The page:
Dr. Ray Pritchard Christian Blog and Commentary

Bangkok Women's Prison

  • Dr. Ray Pritchard
    Dr. Ray Pritchard is the president of Keep Believing Ministries, an Internet-based ministry serving Christians in 225 countries. He is the author of 29 books, including Stealth Attack, Fire and Rain,… More
  • 2007 Oct 01

Last Wednesday we visited the Bangkok Women’s Prison, an enormous facility holding 5500 inmates. The women live in very close quarters, in stifling heat, many of them sentenced for breaking Thailand’s extremely strict drug laws. Conditions are difficult, to say the least. For at least 30 years Lourdes Holmes has been ministering at the women’s prison. In the beginning she could not meet the prisoners personally, but over the years the authorities allowed her to enter the prison. For many years she and her husband Charles have come to the prison to conduct monthly services attended by 300 Christian prisoners. They also have workers who go to the prison during the week to conduct English classes.

Charles and Lourdes regard the prison work as central to all they are doing in Thailand. At the present time they have 19 churches organized in various prisons across the country. Very few missionaries work in the prisons so the fields are truly ripe for harvest for the Lord.

They don’t just come and preach. Their goal is to win the women, disciple them, and then organize them into prison churches. They pray for the Lord to raise up godly women who will be respected by the other prisoners. The current leader comes from Ghana and has been in prison for many years. She is in charge of 12 women who are in charge of 60 other women who organize all the Christian women into ministry teams. Those teams fan out throughout the prison to visit the hospital ward, the AIDS patients, and every section of the prison, sharing Christ and serving others. Charles and Lourdes provide soap and other badly-needed items for the prisoners who often give it away to others. They are truly living out “love in action” behind the prison walls.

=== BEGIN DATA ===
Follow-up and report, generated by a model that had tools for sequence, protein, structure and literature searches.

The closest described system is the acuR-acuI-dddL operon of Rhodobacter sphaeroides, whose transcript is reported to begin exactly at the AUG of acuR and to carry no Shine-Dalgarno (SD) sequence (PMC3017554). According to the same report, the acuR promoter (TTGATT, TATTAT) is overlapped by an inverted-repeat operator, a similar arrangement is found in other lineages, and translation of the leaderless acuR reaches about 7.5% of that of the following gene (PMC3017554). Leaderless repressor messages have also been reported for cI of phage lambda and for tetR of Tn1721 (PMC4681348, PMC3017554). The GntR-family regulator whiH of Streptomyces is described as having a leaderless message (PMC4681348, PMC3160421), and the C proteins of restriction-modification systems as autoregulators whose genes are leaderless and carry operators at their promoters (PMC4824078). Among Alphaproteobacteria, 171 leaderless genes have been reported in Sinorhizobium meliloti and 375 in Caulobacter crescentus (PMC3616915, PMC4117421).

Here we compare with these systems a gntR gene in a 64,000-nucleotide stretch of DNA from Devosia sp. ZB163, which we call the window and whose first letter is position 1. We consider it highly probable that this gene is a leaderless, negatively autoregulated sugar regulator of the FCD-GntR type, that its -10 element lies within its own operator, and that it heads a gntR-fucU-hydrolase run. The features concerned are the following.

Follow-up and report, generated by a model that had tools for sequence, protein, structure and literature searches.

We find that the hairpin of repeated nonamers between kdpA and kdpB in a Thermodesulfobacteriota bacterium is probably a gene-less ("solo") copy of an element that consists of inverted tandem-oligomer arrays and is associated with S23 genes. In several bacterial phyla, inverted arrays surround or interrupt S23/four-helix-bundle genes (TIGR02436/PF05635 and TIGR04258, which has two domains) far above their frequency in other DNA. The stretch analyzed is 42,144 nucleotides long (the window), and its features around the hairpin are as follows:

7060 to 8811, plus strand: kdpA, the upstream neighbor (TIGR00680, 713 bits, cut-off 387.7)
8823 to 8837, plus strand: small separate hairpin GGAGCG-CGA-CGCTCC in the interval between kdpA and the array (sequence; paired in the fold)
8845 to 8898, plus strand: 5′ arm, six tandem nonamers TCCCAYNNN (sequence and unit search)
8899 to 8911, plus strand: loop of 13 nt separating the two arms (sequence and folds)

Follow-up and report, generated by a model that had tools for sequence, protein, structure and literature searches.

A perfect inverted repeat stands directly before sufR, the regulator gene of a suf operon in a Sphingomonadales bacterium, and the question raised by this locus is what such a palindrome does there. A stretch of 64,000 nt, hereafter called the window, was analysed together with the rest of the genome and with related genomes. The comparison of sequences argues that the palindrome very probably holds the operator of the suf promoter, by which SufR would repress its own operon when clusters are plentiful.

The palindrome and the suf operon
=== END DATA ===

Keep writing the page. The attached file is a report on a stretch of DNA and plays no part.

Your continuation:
Charles and Lourdes took Marlene and I and Bill and Mary Jo Price to the service last Wednesday at the prison. On a brutally hot day, nearly 300 women set cross-legged on mats for nearly two hours. A few feet away other women marched by, we could hear the prison band practicing, and hundreds of women prisoners were working nearby. It was noisy, crowded, and very hot.

The service began with a few announcements by Charles. Then he led in several choruses, which the women knew by heart and sang enthusiastically, with Lourdes playing the portable organ. The guests were introduced and then I preached on “It Is Finished,” with the woman from Ghana providing very lively translation. Then various groups of prisoners came forward to sing–one from Burma, another from China, another from Russia, climaxed by the women from death row singing about their hope in the Lord. Bill Price prayed that they might be released from death row. I met a woman from Malaysia who said she was in for life. Many women had been there for 13-18 years already. When we waded into the crowd to say hello, they were all so happy to see us. I have rarely felt so welcomed in my life.

Because the children of prisoners are often abandoned or given to relatives who do not want them or cannot care for them, Charles and Lourdes started the Bethany Children’s Home. There they receive good food, clean clothes, and education, and instruction in the Christian faith. When we met them on Sunday night, they had traveled three or four hours to Bangkok because they were going to prison to see their parents the next day.

We have placed an entire album of pictures about our visit on the Flickr website. Click on the link below to see those pictures. I would encourage you not to click on Slideshow but to view the pictures one by one because I have added comments to many of the pictures. Here is the link to the album:

Bangkok Women’s Prison

You can reach the author at ray@keepbelieving.com. Click here to sign up for the free weekly email sermon.

Follow Crosswalk.com